Kinetic Advice

In Articles, Technical by Glyn DemmerLeave a Comment

If you drive off-road chances are you will get stuck! If you get properly stuck you may need to use a kinetic strap to extricate yourself. This following an assessment as to why you are stuck, clearing sand or mud away from the underside of your vehicle as well as having decided that a simple pull strap will not suffice (remember we always refer to the pull strap as the first line of defense).

Simply put your kinetic or snatch strap absorbs and then releases energy in a controlled fashion and gets you back on the road. There are however inherent dangers to snatching; the force can pull attachments or components loose so one should always have recovery points and replacement bumpers checked on a regular basis.

Match the strap to the recovery it should be rated at least three times the Gross Vehicle Mass. As with all recoveries bystanders should be well clear of the danger zones (front or behind vehicles depending on the recovery method) and as a rule I generally recommend a distance three to four time the length of the strap being used. In fact if not directly participating in a recovery I generally “take cover” behind a tree, bush or vehicle in case of flying objects. With most recoveries a minimum 3,5 Ton (WLL) shackle should be used and if two recovery points are present I advocate a bridle to split the load, if a further recovery point is available.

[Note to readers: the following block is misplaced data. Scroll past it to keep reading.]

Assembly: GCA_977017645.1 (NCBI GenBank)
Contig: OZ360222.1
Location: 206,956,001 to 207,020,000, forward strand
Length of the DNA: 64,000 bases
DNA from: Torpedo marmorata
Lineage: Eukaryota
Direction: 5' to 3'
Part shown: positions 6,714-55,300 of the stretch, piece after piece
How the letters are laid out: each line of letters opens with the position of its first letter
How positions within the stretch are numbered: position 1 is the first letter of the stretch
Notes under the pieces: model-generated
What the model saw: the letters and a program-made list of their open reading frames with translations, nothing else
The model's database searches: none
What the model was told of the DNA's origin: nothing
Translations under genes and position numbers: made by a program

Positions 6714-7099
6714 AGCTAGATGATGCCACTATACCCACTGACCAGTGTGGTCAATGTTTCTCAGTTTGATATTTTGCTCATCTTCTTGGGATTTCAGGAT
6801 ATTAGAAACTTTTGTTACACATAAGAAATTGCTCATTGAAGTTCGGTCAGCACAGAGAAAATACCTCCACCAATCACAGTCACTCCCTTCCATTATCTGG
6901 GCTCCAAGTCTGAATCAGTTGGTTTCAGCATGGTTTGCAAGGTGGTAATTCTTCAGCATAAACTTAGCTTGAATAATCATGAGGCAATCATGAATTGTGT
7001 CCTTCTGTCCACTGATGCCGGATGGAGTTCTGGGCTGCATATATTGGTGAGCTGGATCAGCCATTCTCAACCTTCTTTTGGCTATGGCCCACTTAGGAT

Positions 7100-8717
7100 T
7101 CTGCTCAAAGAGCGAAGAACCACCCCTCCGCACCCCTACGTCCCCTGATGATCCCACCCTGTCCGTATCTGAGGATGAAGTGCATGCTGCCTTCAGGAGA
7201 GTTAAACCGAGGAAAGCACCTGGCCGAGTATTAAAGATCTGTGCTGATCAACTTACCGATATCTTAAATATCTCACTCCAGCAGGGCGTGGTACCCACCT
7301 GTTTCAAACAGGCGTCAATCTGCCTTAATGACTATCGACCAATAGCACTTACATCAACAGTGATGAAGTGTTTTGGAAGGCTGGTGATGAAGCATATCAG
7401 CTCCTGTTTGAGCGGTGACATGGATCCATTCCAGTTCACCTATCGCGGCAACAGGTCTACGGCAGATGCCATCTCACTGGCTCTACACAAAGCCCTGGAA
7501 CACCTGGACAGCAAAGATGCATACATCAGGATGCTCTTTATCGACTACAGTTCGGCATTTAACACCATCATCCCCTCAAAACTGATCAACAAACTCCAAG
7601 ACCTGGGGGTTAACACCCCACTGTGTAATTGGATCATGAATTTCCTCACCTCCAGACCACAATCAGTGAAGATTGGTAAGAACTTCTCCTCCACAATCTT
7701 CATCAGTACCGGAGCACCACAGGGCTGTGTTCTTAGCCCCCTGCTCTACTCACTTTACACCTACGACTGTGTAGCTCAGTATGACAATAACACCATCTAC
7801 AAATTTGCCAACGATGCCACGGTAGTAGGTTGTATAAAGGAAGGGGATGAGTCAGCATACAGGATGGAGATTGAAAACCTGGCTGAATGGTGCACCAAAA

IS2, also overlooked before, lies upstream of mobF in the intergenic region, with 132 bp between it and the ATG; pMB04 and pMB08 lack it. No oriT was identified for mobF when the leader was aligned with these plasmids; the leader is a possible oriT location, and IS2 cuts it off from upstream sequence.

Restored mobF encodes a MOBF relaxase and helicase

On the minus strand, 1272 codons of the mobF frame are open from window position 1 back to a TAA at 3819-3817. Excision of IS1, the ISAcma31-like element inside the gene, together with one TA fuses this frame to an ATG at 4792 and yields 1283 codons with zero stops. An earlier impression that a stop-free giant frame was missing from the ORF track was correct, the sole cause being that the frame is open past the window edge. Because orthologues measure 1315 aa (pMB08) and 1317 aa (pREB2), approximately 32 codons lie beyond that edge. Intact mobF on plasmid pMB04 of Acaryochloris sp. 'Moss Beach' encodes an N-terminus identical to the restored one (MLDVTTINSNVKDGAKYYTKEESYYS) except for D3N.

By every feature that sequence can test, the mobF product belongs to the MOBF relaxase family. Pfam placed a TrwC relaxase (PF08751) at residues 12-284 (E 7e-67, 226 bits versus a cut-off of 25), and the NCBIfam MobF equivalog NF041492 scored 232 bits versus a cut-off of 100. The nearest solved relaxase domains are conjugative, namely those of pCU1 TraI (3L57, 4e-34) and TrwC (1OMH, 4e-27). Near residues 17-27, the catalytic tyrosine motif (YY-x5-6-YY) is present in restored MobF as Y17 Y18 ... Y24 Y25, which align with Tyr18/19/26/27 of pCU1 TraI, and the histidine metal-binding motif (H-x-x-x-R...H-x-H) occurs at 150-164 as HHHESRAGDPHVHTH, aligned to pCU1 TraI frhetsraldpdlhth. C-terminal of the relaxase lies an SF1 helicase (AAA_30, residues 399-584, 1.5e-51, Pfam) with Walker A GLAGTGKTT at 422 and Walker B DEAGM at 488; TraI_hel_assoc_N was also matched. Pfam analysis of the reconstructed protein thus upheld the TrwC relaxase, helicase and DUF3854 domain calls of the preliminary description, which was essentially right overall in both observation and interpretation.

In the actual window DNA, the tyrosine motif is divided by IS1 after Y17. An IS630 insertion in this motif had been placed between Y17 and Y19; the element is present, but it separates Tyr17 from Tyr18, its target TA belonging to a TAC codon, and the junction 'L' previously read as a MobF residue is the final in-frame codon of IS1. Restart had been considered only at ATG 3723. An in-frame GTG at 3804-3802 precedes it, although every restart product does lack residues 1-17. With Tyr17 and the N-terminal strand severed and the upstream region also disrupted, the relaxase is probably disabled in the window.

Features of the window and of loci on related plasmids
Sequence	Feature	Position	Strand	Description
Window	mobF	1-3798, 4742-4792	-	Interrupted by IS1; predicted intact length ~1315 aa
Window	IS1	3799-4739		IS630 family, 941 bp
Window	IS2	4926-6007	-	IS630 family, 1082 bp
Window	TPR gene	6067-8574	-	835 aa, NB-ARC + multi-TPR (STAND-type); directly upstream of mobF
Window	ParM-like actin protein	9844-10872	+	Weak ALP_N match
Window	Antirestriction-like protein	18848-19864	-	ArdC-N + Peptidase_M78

I also suggest using a safety lanyard. The use of safety blankets is a must and I would suggest that a minimum of two be used placed closest to the possible point of failure. Set up the recovery generally starting with the stuck vehicle then line the recovering vehicle up, lay the strap out in a nice s shape and ensure that the strap is not twisted. Good communication is essential and the pull should be so as to stretch the strap to its maximum with the recovering vehicle stopping to allow the strap to do its work, a good snatch recovery is actually a very gentle exercise- the snatching vehicle should always be in a lower gear than the stuck vehicle to reduce drag.

Clean your equipment when you get home by gently washing the strap, do not simply roll up a wet strap and pack it away. Regular inspection of your strap is critical to ensure that it is not damaged and has retained its kinetic capability. If your first attempt fails use a new strap and pull off a bit faster, do not increase the length of your run.

Lastly (and we see this so often on the internet) a tow ball with its galvanised bolts is not suitable for any recovery exercise- it’s a potentially lethal missile that could kill!

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